64 vehicles earn 2020 IIHS awards, thanks to state-of-the-art safety
Sixty-four cars and SUVs qualify for an award from the Insurance Institute for Highway Safety under new criteria that prioritize the protection of pedestrians in addition to vehicle occupants.
To qualify for a 2020 Top Safety Pick or Top Safety Pick+ award, vehicles must have good ratings in each of the Institute’s six crashworthiness evaluations. They must also have good or acceptable headlights and available front crash prevention that earns advanced or superior ratings in both vehicle-to-vehicle and vehicle-to-pedestrian evaluations.
The “plus” is awarded to models that come exclusively with good or acceptable headlights, making it easier for consumers to find properly equipped vehicles. Of the 64 award winners, 23 qualify for Top Safety Pick+.
No minivans or pickups qualify for either award so far this year. That could change if automakers make midyear production changes and nominate the vehicle for testing.
“The headlight ratings that have been part of our awards criteria in recent years have pushed automakers to pay more attention to this essential equipment,” says IIHS President David Harkey. “However, finding vehicles with the right headlights can be a challenge for consumers. We wanted to reward automakers that have removed this obstacle.”
Six of the “plus” winners — the Genesis G70, Honda Insight, Hyundai Nexo, Lexus NX, Subaru Crosstrek Hybrid and Tesla Model 3 — aren’t sold with anything other than good-rated headlights. A good rating means headlights provide the best balance of visibility and lack of excessive glare for drivers of oncoming vehicles.
Good visibility is key to avoiding crashes in the dark. In the time it takes a driver to react to an obstacle under ideal conditions — 1½ seconds — a car traveling 55 mph covers about 120 feet. Thus, headlights need to illuminate obstacles well before that. The difference between good-rated headlights and poor ones can be the difference between seeing an obstacle in time to stop and crashing into it.
Front crash prevention
Although consumers who buy a Top Safety Pick+ can be assured that any trim line they choose will be equipped with adequate headlights, they’ll still need to make sure their particular vehicle is equipped with front crash prevention. Vehicles can meet the front crash prevention requirements for either award with optional equipment.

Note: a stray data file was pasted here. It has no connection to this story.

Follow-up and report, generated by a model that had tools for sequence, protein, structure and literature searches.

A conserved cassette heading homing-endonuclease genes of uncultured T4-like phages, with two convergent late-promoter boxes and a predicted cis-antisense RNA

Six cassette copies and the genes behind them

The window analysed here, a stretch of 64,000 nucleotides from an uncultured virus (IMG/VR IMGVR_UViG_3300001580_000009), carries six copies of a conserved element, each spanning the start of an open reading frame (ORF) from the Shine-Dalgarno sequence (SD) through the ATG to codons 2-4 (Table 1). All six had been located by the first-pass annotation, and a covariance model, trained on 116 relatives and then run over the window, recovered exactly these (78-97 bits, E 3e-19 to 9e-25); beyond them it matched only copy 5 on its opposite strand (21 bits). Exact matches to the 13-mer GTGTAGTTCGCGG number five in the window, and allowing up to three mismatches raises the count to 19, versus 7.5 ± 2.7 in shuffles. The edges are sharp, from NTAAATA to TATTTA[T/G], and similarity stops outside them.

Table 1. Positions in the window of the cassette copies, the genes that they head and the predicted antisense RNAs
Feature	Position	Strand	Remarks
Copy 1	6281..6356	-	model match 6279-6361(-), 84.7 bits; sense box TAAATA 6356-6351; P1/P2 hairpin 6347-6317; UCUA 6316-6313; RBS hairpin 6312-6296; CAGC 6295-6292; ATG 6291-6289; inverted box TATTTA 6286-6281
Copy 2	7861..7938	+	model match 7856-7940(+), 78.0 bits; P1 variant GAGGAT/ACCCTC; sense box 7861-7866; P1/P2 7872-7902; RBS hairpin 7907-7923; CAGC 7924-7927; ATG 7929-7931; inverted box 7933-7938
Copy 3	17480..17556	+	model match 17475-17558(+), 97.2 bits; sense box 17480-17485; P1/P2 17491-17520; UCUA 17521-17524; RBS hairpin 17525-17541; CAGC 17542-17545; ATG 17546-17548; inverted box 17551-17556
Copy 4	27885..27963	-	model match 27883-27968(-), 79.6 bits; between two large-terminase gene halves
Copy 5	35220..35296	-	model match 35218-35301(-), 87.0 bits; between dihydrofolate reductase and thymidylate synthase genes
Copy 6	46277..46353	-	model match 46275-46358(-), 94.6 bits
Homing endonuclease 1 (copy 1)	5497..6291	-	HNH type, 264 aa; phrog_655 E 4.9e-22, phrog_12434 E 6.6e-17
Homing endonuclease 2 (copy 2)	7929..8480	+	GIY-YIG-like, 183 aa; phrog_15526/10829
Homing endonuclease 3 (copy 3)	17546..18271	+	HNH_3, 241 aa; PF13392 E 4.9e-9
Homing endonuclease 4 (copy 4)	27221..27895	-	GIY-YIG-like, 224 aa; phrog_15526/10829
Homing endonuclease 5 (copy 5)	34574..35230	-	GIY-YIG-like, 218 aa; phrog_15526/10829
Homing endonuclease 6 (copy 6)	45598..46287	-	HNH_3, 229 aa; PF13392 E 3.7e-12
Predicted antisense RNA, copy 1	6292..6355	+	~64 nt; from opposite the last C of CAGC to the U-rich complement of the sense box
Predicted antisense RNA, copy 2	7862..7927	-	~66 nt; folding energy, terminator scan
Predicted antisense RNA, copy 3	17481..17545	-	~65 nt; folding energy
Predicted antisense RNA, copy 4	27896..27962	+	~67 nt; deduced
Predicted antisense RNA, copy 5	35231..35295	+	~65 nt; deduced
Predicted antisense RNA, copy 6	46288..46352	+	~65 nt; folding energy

However, 20 Top Safety Pick+ winners and 26 Top Safety Pick winners come with standard systems, as automakers move to meet their voluntary commitment on automatic emergency braking (AEB). The commitment calls for front AEB to be standard on all but the heaviest passenger vehicles by 2022 (see “Four automakers meet automatic emergency braking commitments ahead of 2022 target,” Dec. 17, 2019).
The voluntary commitment calls only for systems that avoid crashes with other vehicles, but many automakers are incorporating vehicle-to-pedestrian functionality.
IIHS launched pedestrian crash prevention ratings about a year ago (“New ratings address pedestrian crashes,” Feb. 21, 2019) and is incorporating them into the Top Safety Pick and Top Safety Pick+ awards for the first time.
Vehicles are evaluated in three scenarios: an adult pedestrian stepping into the street in the path of the oncoming vehicle with an unobstructed view, a child darting into the street from behind two parked cars, and an adult pedestrian near the side of the road in the travel lane, facing away from traffic. Each test is conducted at two different speeds.
Pedestrian detection technology is one solution that could help address rising pedestrian deaths. Annual pedestrian fatalities have increased 53 percent since reaching a low point in 2009, and more than 6,000 pedestrians were killed in crashes in 2018.
“Rewarding technology that protects people outside the vehicle is new territory for the Top Safety Pick awards, but we believe vehicle manufacturers have an important role to play in protecting vulnerable road users,” Harkey says.
Good protection for passengers
This is the first year that a good passenger-side small overlap front rating is required for both awards. Last year, a good or acceptable rating was required for Top Safety Pick, while a good rating was needed to achieve the “plus.”
The passenger-side small overlap evaluation is the newest of the IIHS crashworthiness tests. The Institute launched this test after it became clear that some manufacturers were ignoring the passenger side as they made changes to improve performance in the IIHS driver-side small overlap test.
The small overlap tests are designed to replicate what happens when just the front corner of the vehicle collides with another vehicle or an object like a tree or utility pole. These crashes present a challenge for some seat belt and airbag designs because occupants move both forward and to the side of the vehicle. In addition, crash forces can bypass the vehicle’s main crush-zone structures.
Mazda, Hyundai are standouts
Among automakers, Mazda has the most Top Safety Pick+ awards with five — for the Mazda 3 sedan, Mazda 3 hatchback, Mazda 6, CX-3 and CX-5. The company earns an additional Top Safety Pick for the CX-9.
Hyundai Motor Group — which includes the Genesis and Kia brands in addition to Hyundai — has the most winners overall, 14 earning a Top Safety Pick award and three earning Top Safety Pick+.
No vehicles from Fiat Chrysler or Mitsubishi earn either award this year. Ford/Lincoln, Volvo and BMW haven’t picked up any Top Safety Pick+ awards, while General Motors and Nissan each earn only one Top Safety Pick and one Top Safety Pick+ award.